"I was an advocate of 'let's arrest everyone that we can arrest and put them in jail, then society will be safer.' But 25 years later I can tell you that doesn't work."
The facility will offer programs such as assessment, case management, social services, education, veteran support, mental health and supervised visitation for non-custodial parents. Clark also would like to include unique features such as electronic monitoring, a CJIS data center, a regional dispatch center and regional law enforcement training.
He has proposed a singular location for this "building-secure" facility rather than "site-secure" space. According to Clark, this means there will be no barbed wire or chain-linked fence around the perimeter, but instead it will appear to be yet another "welcoming" business in town. The space will hold 155 beds – 120 secure for either federal or state male detainees, 20 for female detainees at either the state or federal level and 35 for those that are transitioning out or that are eligible for the electronic monitoring program. According to Clark, the ratio of case managers to detainees would be 1:15 to 1:20.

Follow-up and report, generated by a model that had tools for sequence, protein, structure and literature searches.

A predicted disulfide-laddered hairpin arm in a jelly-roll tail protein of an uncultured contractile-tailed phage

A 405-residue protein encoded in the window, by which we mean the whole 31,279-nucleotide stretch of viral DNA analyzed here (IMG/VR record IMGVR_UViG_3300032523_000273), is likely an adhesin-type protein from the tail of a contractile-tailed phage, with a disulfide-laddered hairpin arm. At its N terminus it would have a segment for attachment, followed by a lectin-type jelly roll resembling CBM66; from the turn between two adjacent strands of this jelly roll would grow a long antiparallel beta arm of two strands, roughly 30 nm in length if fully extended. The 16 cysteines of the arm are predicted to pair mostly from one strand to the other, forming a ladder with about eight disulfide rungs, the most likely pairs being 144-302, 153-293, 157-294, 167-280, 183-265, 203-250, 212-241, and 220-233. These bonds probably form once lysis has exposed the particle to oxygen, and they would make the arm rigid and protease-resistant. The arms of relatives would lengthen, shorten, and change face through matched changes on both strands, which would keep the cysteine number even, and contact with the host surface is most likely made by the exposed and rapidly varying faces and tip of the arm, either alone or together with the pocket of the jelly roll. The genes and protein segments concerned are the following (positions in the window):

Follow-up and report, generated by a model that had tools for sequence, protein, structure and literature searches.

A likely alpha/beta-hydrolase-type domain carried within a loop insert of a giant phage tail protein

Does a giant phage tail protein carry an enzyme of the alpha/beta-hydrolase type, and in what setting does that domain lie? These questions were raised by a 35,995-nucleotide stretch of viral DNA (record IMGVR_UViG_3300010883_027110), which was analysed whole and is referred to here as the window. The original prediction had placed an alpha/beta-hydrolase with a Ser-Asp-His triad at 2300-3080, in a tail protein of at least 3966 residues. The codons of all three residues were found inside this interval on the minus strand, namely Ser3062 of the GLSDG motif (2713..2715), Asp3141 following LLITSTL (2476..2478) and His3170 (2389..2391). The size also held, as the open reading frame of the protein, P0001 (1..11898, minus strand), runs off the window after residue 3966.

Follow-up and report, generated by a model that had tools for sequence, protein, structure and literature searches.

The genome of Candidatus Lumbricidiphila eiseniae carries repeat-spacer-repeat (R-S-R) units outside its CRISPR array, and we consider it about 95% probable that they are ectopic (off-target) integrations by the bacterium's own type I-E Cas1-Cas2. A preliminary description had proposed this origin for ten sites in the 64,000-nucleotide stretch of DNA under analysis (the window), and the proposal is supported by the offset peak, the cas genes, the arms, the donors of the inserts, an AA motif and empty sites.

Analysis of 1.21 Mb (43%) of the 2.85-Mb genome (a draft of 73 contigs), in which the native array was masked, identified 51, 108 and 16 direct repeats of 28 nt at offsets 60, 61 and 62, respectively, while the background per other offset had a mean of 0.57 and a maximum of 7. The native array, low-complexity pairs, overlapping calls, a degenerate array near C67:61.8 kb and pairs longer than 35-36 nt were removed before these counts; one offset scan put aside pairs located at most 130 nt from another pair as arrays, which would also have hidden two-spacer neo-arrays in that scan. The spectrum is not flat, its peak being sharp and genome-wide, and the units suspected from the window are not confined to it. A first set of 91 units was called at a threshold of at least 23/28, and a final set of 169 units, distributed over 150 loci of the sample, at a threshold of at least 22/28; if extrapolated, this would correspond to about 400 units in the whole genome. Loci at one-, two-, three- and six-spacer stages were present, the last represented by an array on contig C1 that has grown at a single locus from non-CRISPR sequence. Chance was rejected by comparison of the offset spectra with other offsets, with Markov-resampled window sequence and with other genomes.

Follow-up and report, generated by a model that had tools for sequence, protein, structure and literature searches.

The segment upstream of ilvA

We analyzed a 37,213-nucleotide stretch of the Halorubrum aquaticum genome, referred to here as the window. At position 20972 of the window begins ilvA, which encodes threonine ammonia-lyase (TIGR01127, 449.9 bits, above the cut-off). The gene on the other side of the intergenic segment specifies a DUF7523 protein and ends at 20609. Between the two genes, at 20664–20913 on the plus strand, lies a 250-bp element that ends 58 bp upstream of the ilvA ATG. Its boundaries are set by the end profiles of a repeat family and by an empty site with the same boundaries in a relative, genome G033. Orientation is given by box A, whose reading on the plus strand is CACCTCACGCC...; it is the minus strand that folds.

In terms of advantages, Clark believes that it will offer social and economic benefits. Some of his reasoning includes: reduction of recidivism and increase of desistance; cost deduction compared to a traditional jail or prison; 65 news jobs and improved public safety. One of the jobs Clark mentioned would include an executive position at $180,000 per year with benefits.
Safety was one of the hottest topic at the meeting. A majority of comments made from the panel and audience were regarding safety, taxes and upholding a positive image in Bellows Falls.
Clark said that jail housing in Vermont is very expensive and he think this would economically assist the state and community. He added that it cost the state $40,000 to host a male in the state of Vermont for one year and $70,000 for female detainees.